However, one has to question whether this decision serves Russia’s best interest given it would negatively impact its export revenues.
Europe’s response as Russia cuts gas supply
Since Russia’s invasion of Ukraine in February 2022, Germany has reduced its dependence on Russian gas in a gradual effort to stop using Russian gas altogether.
Instead, Germany is leaning on its other main suppliers of natural gas, Norway and the Netherlands, who provided 31 per cent and 13 per cent, respectively, of Germany’s gas imports in 2021.
The German Government has also given the go-ahead for the country’s first liquified natural gas (LNG) terminal to be built at Wilhelmshaven.
More broadly, Europe has announced plans to cut 90 per cent of its Russian oil imports and two-thirds of its Russian gas imports by the end of the year. EU governments are also buying gas on the spot market and attempting to secure alternative sources, including importing LNG from the US and elsewhere.
However, Europe has limited infrastructure to receive LNG shipments and a fire at a key US export depot in Freeport, Texas, undercut US gas export capacity and highlighted Europe’s vulnerable position.
With the Biden administration promising to help Europe secure more natural gas from US exporters, this also presents an opportunity for Australia.
Can Australia step in?
In 2021, Australia exported 80.9 million tonnes of LNG, equivalent to almost three quarters of the volume of gas the EU imported from Russia in that year.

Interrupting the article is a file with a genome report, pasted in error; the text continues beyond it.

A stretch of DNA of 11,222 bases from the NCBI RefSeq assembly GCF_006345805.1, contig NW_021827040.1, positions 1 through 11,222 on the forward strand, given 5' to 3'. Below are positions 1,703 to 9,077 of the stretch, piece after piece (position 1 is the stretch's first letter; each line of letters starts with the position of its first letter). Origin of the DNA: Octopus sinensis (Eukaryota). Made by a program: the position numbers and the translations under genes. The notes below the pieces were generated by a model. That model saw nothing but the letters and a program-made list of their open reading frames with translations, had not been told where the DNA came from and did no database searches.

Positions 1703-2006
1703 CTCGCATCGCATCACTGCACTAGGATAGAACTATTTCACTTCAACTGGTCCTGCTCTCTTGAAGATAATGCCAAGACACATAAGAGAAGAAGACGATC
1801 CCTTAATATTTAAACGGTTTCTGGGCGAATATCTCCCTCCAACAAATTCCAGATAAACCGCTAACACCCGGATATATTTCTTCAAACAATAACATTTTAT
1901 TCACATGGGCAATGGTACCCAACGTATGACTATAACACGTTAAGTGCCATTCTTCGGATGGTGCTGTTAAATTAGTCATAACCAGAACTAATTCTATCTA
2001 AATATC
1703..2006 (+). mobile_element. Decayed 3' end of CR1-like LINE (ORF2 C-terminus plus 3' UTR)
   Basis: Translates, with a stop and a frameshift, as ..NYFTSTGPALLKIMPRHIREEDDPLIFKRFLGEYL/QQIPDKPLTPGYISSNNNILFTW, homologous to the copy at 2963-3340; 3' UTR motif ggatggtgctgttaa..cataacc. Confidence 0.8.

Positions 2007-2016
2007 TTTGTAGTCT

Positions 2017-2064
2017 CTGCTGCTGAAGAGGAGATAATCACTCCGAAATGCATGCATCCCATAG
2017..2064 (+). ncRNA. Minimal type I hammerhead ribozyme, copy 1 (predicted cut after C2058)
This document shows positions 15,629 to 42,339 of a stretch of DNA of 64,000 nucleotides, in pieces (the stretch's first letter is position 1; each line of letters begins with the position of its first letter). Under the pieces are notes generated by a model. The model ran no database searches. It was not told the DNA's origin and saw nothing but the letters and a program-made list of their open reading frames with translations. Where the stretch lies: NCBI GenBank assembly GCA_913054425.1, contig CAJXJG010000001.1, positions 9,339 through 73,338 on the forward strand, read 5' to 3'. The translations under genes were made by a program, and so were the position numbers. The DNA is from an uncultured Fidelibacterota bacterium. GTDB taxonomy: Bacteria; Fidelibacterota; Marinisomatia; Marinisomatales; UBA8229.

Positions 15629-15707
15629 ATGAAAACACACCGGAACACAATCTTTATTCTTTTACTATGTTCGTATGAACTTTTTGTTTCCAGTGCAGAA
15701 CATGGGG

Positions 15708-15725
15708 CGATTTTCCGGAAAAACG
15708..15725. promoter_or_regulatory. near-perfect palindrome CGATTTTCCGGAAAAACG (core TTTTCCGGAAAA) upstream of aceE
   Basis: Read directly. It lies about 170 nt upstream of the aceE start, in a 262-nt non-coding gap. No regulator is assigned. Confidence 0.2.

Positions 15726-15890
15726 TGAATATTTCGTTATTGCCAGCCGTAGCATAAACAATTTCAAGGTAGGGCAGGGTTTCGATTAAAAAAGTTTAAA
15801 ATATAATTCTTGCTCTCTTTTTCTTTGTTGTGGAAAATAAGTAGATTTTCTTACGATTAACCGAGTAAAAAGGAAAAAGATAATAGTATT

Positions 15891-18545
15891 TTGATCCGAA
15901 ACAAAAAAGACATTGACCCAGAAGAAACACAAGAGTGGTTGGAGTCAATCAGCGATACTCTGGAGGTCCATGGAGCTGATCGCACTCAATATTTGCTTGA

As Europe seeks to diversify its natural gas imports, Australia has an opportunity to fill the demand gap. This could include bringing on additional LNG trains in Darwin.
The second train at Woodside’s Pluto and Scarborough fields could add five million tonnes per annum.
Santos’ Narrabri coal-seam gas project in NSW is an emerging project that could be turned to down the track. The project is said to be able to support up to 50 per cent of NSW’s gas needs once up and running.
However, Narrabri, which was first developed by Eastern Star Gas before Santos bought the project in 2011, must navigate regulatory approvals before it can come onstream.
Federal Resources Minister Madeleine King offered support for Narrabri in June, suggesting it would be an important subsidiary as Australia’s renewable energy transition continues to mature.
While Australia won’t be able to immediately expand its gas production or build a pipeline connected to Europe in the short term, Europe’s energy challenge extends beyond keeping households warm this winter.
Securing alternative and reliable energy supplies is a long-term game, giving Australia time to advance its economic and security interests.
However, at least 75 per cent of Australia’s LNG is sold via long-term contracts linked to the oil price and Australia can’t supply more to Europe without breaking these contracts. The government can only intervene in gas exports when the local market doesn’t have enough supply, and that only concerns the east coast since WA, home to two-thirds of exports, has its own unique market.
On the west coast, what is not exported via contract is kept in the state under its 15 per cent domestic gas reservation policy, mandated for domestic use only.
Furthermore, as approximately a third of LNG developed on the east coast is shipped, any gas we could supply to Europe would impact Australia’s existing struggling system and manufacturers. This may become feasible as renewable energy replaces gas on the electricity grid; however, it is unlikely in the next 10 years.
The Russia–Europe geopolitical divide will fundamentally change future energy markets, and while Australia is positioned to step in over the long-term, it will not single-handedly solve the problem any time soon.
This feature appeared in the August issue of Australian Resources & Investment.
*This article has been updated to reflect market conditions on September 9.